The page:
Isolated Together

Cohousing is not only about the things we do together; it is also about the things we do alone. One of the major traits of cohousing, as an example of community living, is the ability to be alone. Cohousing has private homes, most commonly homes we own.  Individual household’s personal space is a distinguishing characteristic of cohousing. I’ve heard said that chousing is an especially valuable living situation for introverts–my community, Mosaic Commons Cohousing, in Berlin, MA, is mostly introverts.

So when the time comes for physical distancing, cohousing is well prepared. We each have space away from our neighbors. Our common facilities help us minimize our contact with the world–we’ve instituted sign-ups for the laundry room, a few people are working at home in common house rooms, making space in their homes for others to zoom in quiet. Once a week we have “community take out”, meals cooked in the common house or ordered from a restaurant, that we pick up from the great room and eat at home.

Our Zentangle group takes a break from the stressors by gathering in the great room, one person per dinner table, each with our own table covering, wearing masks, drawing silently together. The distanSing group gathers on the porch and patio, spread far beyond the six feet because of the risk deep breathing creates, and learns songs and rounds two afternoons a week. Aerobics has moved outside as well, doing interval training as they walk the pathways and the road, six feet apart and wearing face masks. 

In the midst of all this, a new family has moved into our community. This brought us some consternation–we’ve prided ourselves in our move-in weekend welcome. We don’t have any consistent rituals of welcome beyond a community hug (obviously off the table for now) but we have always been there to help with the move. One member of Mosaic has made sure to help unload the truck for every move-in. A few people always check that the new family will find that their beds are put together and made-up with sheets and blankets so they can sleep in their new home their first night, no matter how late the move happens. There is always someone who orders pizza or other take-out for the new family and the unloading crew.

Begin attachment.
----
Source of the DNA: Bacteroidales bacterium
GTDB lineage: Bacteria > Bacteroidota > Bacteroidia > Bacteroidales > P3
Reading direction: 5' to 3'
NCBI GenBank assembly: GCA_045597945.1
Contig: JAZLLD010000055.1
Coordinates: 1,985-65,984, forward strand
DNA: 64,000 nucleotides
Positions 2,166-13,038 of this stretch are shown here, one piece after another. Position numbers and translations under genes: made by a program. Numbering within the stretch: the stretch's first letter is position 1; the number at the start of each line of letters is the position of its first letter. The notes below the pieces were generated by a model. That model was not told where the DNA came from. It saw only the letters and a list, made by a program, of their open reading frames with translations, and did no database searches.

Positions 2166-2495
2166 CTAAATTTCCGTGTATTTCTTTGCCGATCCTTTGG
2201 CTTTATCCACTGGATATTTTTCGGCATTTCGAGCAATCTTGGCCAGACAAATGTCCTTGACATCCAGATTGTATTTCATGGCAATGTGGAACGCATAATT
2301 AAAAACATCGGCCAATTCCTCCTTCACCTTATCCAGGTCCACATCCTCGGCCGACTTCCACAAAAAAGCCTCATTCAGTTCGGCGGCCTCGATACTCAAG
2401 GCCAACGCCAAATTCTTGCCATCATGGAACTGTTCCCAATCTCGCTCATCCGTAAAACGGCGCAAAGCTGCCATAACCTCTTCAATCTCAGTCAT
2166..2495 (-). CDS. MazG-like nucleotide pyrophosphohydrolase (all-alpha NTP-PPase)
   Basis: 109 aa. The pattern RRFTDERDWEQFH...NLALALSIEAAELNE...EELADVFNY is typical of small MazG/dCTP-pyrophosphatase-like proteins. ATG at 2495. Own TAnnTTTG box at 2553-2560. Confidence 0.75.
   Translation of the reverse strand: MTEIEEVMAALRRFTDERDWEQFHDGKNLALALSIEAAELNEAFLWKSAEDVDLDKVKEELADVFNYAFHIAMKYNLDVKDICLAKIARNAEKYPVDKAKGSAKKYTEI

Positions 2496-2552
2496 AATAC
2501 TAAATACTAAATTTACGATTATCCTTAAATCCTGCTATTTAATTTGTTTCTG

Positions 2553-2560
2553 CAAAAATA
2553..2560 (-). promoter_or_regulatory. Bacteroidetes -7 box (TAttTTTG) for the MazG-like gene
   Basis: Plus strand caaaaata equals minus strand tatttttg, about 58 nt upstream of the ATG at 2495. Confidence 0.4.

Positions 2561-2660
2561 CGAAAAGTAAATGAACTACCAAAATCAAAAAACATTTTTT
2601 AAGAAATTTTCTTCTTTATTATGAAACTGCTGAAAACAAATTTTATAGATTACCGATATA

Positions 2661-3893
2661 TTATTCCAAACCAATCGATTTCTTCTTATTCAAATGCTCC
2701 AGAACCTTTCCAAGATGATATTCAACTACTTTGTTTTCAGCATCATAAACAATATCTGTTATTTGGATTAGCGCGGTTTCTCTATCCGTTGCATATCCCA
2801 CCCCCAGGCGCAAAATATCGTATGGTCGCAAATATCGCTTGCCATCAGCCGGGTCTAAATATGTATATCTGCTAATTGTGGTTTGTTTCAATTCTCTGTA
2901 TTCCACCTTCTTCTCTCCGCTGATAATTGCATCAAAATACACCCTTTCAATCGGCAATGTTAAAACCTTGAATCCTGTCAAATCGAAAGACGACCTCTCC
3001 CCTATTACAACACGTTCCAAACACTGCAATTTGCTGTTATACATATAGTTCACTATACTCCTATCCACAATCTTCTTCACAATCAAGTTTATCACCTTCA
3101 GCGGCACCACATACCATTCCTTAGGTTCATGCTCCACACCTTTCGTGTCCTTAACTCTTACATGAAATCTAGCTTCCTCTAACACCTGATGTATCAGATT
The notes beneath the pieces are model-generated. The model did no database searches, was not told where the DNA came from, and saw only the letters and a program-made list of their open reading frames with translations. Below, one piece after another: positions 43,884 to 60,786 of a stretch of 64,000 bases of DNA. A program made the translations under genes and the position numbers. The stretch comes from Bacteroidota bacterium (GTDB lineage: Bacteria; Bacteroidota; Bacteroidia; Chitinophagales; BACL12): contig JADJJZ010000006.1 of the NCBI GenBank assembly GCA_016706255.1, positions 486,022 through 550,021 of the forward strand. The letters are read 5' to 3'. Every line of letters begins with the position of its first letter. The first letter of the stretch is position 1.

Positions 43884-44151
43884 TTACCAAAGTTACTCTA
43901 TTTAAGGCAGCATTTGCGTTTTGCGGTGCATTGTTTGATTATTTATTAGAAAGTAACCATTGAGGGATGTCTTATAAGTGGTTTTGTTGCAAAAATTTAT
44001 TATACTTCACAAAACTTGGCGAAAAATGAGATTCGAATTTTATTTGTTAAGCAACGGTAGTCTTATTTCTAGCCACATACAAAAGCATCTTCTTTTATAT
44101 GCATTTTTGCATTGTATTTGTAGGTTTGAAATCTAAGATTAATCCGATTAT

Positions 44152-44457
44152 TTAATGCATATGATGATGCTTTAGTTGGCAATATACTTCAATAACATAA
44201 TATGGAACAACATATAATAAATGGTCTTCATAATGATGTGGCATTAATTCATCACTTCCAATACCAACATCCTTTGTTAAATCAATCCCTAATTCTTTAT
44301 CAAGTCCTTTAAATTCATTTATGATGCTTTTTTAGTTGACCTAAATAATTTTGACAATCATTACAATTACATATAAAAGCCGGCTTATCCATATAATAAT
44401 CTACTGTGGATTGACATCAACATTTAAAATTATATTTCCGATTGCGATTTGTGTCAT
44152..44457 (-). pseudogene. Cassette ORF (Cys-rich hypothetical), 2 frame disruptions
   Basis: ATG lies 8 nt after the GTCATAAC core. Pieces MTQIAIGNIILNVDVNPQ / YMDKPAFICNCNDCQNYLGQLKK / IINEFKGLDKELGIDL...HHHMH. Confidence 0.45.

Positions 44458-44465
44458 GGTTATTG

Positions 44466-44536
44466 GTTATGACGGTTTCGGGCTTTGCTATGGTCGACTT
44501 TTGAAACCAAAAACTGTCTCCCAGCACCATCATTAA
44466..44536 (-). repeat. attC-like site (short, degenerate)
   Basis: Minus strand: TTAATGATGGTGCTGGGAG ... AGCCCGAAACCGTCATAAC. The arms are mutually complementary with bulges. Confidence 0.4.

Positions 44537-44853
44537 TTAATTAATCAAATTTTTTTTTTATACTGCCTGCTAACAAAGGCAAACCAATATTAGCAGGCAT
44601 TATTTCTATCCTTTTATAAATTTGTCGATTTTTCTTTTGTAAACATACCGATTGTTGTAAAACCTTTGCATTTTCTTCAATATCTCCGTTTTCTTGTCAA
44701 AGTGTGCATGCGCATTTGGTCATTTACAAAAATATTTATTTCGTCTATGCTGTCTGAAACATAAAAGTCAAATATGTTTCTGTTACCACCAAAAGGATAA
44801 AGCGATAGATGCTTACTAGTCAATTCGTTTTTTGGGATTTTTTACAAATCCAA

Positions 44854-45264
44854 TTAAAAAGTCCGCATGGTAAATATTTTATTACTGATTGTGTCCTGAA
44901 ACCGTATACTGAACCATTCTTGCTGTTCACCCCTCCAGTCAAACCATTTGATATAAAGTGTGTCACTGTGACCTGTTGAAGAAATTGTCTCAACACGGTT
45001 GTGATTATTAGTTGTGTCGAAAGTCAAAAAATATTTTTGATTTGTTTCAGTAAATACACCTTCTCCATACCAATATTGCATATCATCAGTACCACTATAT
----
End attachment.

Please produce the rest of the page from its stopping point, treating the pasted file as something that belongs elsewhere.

All of this falls in the “not at this time” behavior. And because we are all overwhelmed, it wasn’t until the morning of the move that we realized we can’t be there for this new family. An email went out to the community list “what shall we do”. One or two ideas popped up, but not much energy to make them happen. And then a totally off the wall thought: what about toilet paper? We’ve had many emails about toilet paper–which stores have it in stock, which household needs some right away, someone found some and bought extra to share. 

We also always choose ideas that are funny.

So we were on. Each household donated one roll of toilet paper to the family moving in. Two of us went door to door, picking up rolls. Each roll was labeled with a sticky square of welcome. The few people who missed the pickup continued to drop by throughout the day to contribute additional rolls. A few people offered paper towels as well. A box of Matzoh was hidden in a cabinet with a note. Someone put a container of bubbles in each of the kids’ bedrooms.

Welcome to Mosaic. Welcome to a community that is hidden in our homes. Welcome to a community that like to laugh together. Welcome.

What are your community’s strategies for isolating together?

Category: transitions

Tags: Connecting, Coronavirus, isolation, living in cohousing, Stories

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